Friend and colleague Mike Simmons came by the day after I made the chili and I sent a bowl home with him. He had it that night and texted me this:

"I thoroughly enjoyed my supper. Very tasty indeed. My compliments to the chef."

The two sweet recipes below call for good ol' sorghum syrup (also called sorghum molasses). The Sorghum Pecan Pie is not overpowered by sweetness and the Sorghum Molasses Cookies turned out nicely, with crisp edges and soft middles. Mine did spread a bit on the sheet and many of them melded together. They wouldn't have won me Star Baker on "The Great British Baking Show," but they were quite tasty.

Spiced Butternut Squash and Sorghum Bowl with Pepitas

  • 2 cups uncooked sorghum grains
  • 4 cups vegetable broth (Rowe uses low sodium)
  • ¾ cup pepitas (pumpkin seeds)
  • 1 medium butternut squash (about 2 pounds) halved lengthwise, and de-seeded
  • 3 tablespoons extra-virgin olive oil, plus more for drizzling
  • Salt and ground black pepper, to taste
  • 1 tablespoon sherry vinegar
  • 3 tablespoons orange juice
  • 2 teaspoons honey
  • 1 small shallot, finely minced
  • 1 ½ teaspoons ground cumin
  • 1 teaspoon cinnamon
  • ¾ cup chopped parsley

Heat oven to 350 degrees.

In a medium saucepan, combine the sorghum, vegetable broth and 2 cups water. Bring to boil, reduce heat, cover and simmer 60 minutes or until grains are tender and splayed open. Drain any remaining liquid.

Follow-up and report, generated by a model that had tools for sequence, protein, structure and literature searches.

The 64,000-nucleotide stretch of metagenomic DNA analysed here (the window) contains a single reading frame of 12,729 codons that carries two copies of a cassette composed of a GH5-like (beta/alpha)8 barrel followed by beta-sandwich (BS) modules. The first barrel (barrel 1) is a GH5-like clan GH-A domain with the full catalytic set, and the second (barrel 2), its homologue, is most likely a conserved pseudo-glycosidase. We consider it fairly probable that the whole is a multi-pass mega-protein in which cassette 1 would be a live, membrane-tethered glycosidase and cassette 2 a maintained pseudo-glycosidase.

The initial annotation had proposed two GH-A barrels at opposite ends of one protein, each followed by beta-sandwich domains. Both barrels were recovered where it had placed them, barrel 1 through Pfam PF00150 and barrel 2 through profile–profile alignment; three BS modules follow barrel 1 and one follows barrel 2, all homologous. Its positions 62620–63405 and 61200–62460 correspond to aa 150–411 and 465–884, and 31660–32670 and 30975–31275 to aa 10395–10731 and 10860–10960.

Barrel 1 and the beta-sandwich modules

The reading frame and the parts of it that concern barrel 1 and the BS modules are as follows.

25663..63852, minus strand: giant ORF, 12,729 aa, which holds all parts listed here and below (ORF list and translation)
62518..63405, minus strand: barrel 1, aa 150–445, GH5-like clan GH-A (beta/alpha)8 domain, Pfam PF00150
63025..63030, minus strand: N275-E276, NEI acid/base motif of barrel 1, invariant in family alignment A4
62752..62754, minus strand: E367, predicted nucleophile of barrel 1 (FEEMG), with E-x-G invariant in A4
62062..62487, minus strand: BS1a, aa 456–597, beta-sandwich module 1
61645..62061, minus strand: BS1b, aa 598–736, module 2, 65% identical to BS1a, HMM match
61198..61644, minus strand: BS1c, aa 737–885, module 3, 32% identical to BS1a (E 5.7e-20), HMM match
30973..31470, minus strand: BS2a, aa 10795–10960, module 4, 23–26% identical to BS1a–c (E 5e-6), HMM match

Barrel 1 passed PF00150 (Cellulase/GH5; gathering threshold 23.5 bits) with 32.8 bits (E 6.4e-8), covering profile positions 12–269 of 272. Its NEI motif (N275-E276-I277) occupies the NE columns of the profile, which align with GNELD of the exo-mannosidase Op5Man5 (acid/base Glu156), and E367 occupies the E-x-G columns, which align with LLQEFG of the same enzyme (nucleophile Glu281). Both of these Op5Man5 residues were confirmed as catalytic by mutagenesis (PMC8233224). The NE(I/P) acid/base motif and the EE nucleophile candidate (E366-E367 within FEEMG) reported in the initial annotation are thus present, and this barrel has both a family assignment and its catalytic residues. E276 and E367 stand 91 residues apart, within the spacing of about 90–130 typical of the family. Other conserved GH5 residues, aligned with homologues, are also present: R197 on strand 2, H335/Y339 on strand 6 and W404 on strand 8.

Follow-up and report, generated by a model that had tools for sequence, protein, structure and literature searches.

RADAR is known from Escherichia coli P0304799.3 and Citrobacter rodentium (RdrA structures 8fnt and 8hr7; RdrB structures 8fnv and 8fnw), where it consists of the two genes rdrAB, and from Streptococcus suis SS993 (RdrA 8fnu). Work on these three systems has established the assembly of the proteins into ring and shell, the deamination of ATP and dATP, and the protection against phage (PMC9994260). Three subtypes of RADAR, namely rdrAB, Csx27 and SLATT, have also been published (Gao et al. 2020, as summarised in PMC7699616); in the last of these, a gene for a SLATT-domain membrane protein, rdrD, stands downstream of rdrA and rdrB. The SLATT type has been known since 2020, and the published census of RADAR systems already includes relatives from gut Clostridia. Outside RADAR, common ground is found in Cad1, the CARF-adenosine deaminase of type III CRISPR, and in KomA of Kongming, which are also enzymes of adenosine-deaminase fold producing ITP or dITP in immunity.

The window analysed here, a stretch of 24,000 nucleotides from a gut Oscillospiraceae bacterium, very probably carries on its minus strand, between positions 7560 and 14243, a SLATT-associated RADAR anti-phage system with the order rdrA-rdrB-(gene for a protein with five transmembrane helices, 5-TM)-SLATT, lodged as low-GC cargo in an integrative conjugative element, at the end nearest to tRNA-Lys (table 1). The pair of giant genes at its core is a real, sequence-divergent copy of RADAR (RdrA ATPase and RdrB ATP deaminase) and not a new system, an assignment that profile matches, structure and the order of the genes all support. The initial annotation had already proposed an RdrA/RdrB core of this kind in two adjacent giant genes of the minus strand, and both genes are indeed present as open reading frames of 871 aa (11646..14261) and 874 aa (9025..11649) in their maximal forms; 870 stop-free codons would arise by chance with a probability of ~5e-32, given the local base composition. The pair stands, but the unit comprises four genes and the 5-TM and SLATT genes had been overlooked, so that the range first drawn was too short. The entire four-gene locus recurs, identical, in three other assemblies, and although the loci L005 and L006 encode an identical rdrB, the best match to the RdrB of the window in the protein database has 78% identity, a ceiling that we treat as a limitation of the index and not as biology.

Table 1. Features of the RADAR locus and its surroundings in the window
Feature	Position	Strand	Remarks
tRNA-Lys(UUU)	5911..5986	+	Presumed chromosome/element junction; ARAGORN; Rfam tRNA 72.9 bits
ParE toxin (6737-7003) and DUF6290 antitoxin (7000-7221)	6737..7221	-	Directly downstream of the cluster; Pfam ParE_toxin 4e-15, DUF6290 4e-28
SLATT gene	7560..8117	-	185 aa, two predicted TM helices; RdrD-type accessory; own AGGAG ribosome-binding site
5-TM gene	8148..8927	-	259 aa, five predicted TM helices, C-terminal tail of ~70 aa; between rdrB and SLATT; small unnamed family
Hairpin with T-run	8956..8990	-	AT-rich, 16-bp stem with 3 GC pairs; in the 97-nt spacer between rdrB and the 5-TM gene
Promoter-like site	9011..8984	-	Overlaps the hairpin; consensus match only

While sorghum cooks, roast the pepitas and squash. Spread the pepitas in a single layer on a rimmed baking sheet. Roast until fragrant, 5 to 7 minutes. Set aside ½ cup of pepitas for the bowl and reserve the remaining ¼ cup for topping.

Increase oven temperature to 375 degrees. Lay squash on a large baking sheet and drizzle oil over flesh to cover and sprinkle with salt and pepper. Roast until tender, 35 to 40 minutes. Set aside to cool then gently slice away softened skin and cut squash into 1-inch cubes.

To make dressing whisk together 3 tablespoons olive oil, sherry vinegar, orange juice, honey and shallot in a small bowl.

Spoon warm sorghum into large serving bowl. Add cumin, cinnamon and 1 ½ teaspoons salt, stirring until spices are fully mixed. Spoon squash, ½ cup of pepitas and parsley over sorghum, stirring well to combine. Top with dressing and remaining pepitas.

Makes 8 servings.

Recipe from Erin Rowe

Spicy Sorghum Chili (Arkansas Democrat-Gazette/Kelly Brant)
Spicy Sorghum Chili (Arkansas Democrat-Gazette/Kelly Brant)

Spicy Sorghum Chili

  • 2 cups dried black beans
  • 1 ½ cups uncooked sorghum grains
  • 4 cups vegetable broth
  • 3 ribs celery, diced
  • 1 large red onion, diced
  • 4 cloves garlic, minced
  • 1 bell pepper, diced
  • 1 cup yellow corn, frozen or canned, drained
  • 1 (14.5-ounce) can fire-roasted tomatoes, with juice
  • 2 tablespoons tomato paste
  • 3 tablespoons Mexican seasoning blend (can substitute chili seasoning)
  • Ground red pepper, to taste
  • Salt and pepper, to taste
  • Desired garnishes such as tortilla chips, avocado slices, minced cilantro or chopped tomatoes